Chicago-area men claim defibrillators had defective batteries in St. Clair County suits
Two Chicago-area men filed separate lawsuits against Minnesota-based Medtronics in St. Clair County Nov. 30 over defective batteries in surgically implanted defribillators.
Represented by Seth Sharrock Webb of Brown and Crouppen in St. Louis, Randie Green of Naperville and Anton Muller of Bensenville claim they had their defibrillators removed after reading news reports in February 2005 that the equipment might not function properly.
"Realizing that when the device would be called upon to provide defibrillation it might have failed unknown to plaintiff, plaintiff had the defective device removed and replaced," the complaints state.
The plaintiffs' defibrillators were implanted in December 2003. Green's was removed in March 2005, Muller's on Feb. 24, 2005.
According to the complaints, the models' defective batteries cause the defibrillator to short, resulting in an unpredictable loss of power without warning. The suits also state that approximately 87,000 Medtronic implantable defibrillator/pacemakers are currently in use by patients worldwide.
The 14-count lawsuits claim "in personam" jurisdiction over defendants because they are present in Illinois, "such that requiring an appearance does not offend traditional notions of fair play and substantial justice."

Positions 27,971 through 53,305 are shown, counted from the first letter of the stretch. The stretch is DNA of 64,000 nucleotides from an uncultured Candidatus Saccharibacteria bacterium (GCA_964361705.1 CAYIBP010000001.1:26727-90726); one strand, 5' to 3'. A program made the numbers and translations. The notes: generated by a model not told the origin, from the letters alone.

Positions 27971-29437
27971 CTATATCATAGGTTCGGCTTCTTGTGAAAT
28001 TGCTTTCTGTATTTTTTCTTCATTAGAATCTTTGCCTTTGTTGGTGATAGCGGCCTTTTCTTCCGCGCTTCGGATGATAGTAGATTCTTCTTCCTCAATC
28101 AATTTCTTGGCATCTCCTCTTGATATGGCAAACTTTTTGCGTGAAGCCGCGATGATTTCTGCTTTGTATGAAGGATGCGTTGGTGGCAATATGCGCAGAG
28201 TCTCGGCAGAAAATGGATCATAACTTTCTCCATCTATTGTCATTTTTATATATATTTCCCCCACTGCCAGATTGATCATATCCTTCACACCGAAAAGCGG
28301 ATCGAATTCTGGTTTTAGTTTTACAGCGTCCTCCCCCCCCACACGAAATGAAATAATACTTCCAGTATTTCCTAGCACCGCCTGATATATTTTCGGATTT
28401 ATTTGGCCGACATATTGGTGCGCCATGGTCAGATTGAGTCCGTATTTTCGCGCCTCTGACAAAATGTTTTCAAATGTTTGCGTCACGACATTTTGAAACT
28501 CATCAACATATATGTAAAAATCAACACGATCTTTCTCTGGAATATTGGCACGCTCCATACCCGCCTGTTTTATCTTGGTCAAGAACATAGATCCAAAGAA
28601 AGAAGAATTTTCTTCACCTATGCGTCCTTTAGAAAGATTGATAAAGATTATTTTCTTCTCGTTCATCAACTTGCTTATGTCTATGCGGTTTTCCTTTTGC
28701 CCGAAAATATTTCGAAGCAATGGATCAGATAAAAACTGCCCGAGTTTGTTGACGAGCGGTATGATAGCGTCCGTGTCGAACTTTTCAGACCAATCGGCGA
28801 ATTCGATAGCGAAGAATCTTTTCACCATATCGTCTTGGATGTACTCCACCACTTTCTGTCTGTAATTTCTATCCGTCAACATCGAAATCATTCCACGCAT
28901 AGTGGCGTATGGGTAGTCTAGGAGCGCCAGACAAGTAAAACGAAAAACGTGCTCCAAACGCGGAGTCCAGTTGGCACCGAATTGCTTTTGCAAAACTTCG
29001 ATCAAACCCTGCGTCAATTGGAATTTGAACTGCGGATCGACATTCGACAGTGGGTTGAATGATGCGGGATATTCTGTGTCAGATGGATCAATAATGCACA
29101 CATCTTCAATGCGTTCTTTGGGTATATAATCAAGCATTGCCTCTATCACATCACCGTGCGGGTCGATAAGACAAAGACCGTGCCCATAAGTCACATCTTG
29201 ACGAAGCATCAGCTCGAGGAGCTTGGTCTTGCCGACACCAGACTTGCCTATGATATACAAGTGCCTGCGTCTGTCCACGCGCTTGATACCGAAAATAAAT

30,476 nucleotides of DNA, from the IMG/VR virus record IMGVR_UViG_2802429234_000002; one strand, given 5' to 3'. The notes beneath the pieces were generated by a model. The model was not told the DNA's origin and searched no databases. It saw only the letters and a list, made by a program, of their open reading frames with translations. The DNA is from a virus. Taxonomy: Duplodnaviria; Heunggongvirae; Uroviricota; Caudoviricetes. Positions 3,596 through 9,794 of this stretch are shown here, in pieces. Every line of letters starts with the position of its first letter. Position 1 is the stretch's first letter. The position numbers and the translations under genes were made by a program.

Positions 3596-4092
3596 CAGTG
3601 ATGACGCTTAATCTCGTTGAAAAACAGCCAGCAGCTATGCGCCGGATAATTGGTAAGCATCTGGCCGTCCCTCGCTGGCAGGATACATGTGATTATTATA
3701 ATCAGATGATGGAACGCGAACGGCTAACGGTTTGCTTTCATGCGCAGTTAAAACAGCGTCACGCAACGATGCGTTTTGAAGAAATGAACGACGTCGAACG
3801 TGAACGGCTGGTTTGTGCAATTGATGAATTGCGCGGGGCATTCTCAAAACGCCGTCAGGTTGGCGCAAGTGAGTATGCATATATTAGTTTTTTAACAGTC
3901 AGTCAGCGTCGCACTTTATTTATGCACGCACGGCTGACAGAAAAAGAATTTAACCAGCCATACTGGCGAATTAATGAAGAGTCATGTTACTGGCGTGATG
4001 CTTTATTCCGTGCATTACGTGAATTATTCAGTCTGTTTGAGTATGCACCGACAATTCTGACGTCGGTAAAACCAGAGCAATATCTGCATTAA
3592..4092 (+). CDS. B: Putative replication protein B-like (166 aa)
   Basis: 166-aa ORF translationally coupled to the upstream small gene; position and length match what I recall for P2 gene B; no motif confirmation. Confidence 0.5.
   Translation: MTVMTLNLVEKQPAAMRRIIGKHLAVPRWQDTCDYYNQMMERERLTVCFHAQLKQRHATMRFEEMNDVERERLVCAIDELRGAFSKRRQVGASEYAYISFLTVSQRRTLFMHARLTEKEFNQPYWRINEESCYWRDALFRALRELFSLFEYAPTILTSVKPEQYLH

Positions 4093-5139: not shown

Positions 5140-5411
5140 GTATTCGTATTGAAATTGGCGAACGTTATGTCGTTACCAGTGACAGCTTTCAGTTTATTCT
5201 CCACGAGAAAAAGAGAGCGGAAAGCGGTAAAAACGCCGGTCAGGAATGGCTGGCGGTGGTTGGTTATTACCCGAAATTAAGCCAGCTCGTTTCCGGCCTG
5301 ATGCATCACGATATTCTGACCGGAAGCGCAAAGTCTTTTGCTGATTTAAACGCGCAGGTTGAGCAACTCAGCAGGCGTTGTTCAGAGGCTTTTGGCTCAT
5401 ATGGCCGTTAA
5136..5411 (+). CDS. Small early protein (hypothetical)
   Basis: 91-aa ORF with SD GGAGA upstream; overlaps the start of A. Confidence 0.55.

Plaintiffs claim venue is proper because defendants marketed, promoted and sold the product in St. Clair County.
The lawsuits are not specific about personal injuries suffered by plaintiffs.
In each case, the complaints simply state that the "plaintiff has been damaged."
"Plaintiff was unaware of the dangerous propensities of the product until well after plaintiff's use and subsequent injuries requiring hospitalization," the complaints state.
The suits allege strict products liability and negligence in defective design, defective manufacturing and failure to warn, as well as statutory consumer fraud.
Medtronics omitted, concealed and suppressed the defibrillator/pacemaker's negative efficacy, the suit alleges.
"Defendants' devices can cause serious physical trauma, injury and/or death, preventing the plaintiff, and plaintiff's health care providers from making informed choices about the implantation of the devices," the complaint states.
"Defendants knew or had reason to know of this tendency and the resulting risk..."